Lautner House | Los Angeles Conservancy
Lautner House
Photo courtesy Architectural Resources Group

Lautner House

Architect John Lautner became known as one of the finest practitioners of what is often called the Organic Modern style, responsible for some of the most famous Southern California designs of the twentieth century. But his first solo design, the house he built for himself and his wife in Silver Lake in 1940, is much less well known.

It is highly inconspicuous from the street, offering only a view of a flat-roofed concrete carport and a glimpse of a simple entry behind a low wooden fence. Beyond the street, the house opens out over its small, steep hillside lot, stepping down in two levels that allow a separation of the kitchen and dining area from the living room without using interior walls. The exterior is simple, built of steel beams, concrete, and redwood, while the interior is open to allow free circulation throughout the whole house. Everything about the house aims to facilitate a casual, open feel, maximizing the spectacular views to the west.

In his modest design, Lautner drew on his experience working for Frank Lloyd Wright to work through his own design ideas.

The result is a fascinating Los Angeles interpretation of Wright's Usonian ideals, including merging interior and exterior space, using simple materials, adapting to small and oddly-shaped lots, using a carport, and incorporating interior built-ins. This unassuming house is a tiny harbinger of the spectacular Lautner designs to come for the next fifty years.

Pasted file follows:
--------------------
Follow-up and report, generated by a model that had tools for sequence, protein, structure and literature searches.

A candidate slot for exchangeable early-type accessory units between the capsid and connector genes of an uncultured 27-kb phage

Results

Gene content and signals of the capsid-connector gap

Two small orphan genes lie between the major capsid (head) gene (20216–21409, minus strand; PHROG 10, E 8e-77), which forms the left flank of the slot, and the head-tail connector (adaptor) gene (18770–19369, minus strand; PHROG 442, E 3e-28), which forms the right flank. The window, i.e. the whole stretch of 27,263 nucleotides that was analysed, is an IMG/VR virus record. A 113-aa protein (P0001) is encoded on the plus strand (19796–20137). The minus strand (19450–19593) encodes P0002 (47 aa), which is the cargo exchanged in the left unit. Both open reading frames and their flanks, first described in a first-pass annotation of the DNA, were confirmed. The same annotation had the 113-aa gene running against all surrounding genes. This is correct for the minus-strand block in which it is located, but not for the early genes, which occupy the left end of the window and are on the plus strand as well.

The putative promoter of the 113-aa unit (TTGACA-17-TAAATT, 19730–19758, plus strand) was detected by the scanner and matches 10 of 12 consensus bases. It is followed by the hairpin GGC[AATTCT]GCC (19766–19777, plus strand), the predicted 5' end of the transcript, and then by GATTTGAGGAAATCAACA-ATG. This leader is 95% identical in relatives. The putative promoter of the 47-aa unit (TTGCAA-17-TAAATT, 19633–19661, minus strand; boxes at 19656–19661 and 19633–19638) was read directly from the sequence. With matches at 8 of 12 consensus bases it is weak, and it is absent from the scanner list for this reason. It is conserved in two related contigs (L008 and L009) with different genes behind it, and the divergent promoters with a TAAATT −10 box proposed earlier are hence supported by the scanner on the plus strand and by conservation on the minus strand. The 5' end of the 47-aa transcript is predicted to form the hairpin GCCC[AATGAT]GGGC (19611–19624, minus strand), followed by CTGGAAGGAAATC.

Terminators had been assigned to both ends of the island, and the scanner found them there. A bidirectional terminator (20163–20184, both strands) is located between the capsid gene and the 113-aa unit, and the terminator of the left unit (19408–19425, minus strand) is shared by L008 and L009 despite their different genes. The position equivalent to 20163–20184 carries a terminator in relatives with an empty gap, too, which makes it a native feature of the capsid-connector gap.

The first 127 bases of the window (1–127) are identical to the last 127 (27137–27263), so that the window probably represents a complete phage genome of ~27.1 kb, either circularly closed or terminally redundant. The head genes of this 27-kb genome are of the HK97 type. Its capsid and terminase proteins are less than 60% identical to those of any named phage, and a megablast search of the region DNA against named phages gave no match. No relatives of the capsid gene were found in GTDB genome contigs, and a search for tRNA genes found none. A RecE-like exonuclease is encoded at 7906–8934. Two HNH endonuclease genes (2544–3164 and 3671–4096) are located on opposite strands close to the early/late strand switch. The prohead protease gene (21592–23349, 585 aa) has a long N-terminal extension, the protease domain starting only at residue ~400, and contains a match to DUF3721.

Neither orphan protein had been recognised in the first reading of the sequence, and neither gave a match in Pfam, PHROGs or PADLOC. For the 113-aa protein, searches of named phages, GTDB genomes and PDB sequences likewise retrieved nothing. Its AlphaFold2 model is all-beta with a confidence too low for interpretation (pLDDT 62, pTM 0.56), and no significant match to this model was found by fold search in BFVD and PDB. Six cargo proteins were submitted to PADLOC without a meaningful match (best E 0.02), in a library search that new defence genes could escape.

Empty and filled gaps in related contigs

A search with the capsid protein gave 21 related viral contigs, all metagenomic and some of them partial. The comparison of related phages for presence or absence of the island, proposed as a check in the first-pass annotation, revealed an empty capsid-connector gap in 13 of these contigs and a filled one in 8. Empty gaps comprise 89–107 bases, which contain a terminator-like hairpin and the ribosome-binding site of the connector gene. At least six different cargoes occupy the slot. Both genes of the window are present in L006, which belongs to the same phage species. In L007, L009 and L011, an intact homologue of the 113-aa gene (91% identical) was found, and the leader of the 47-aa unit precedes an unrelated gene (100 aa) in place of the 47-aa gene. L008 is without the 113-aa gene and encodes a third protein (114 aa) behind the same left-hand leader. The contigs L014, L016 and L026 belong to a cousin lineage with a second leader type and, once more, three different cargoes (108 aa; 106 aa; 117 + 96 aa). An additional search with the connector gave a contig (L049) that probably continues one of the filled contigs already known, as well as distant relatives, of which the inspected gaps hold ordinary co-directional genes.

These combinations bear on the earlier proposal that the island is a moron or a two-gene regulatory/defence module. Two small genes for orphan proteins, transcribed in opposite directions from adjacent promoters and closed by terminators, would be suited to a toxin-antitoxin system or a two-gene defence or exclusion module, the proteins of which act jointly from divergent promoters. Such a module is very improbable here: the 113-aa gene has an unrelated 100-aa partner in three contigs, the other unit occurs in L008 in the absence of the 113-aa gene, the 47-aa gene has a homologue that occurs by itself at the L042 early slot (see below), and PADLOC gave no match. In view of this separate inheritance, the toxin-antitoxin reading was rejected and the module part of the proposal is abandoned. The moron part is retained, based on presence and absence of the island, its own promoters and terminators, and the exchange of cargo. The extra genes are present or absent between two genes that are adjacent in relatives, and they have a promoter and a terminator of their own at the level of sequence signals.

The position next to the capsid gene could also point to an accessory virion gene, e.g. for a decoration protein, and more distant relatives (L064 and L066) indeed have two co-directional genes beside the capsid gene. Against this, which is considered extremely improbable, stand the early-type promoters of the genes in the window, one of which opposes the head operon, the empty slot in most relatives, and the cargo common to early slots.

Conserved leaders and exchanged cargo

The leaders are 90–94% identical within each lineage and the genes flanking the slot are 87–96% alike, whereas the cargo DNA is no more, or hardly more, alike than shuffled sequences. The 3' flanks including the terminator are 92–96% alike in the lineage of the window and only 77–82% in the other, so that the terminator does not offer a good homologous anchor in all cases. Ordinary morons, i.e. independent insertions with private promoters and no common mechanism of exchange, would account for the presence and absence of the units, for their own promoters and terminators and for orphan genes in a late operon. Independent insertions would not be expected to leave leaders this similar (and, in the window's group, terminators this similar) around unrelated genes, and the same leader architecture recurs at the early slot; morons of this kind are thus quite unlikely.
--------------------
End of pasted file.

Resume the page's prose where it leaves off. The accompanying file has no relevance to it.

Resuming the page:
Photo by Adrian Scott Fine/L.A. Conservancy

Paul Revere Williams House

For thirty years, Paul Revere Williams and his wife Della Mae resided at this modest house in the West Adams area of South Los Angeles. The house represents an important period of Williams' life and career when he was ascending the architecture profession.
Photo by Adrian Scott Fine/L.A. Conservancy

Gainsburg House

In the foothills below the Angeles National Forest lies a geometrical wonder.
Photo courtesy Architectural Resources Group

General Panel Residence

The only complete prefab building system created in the immediate postwar period featured an innovative framing system based on the "wedge connector," an X-shaped, cast-steel mechanism within wood-framed panels.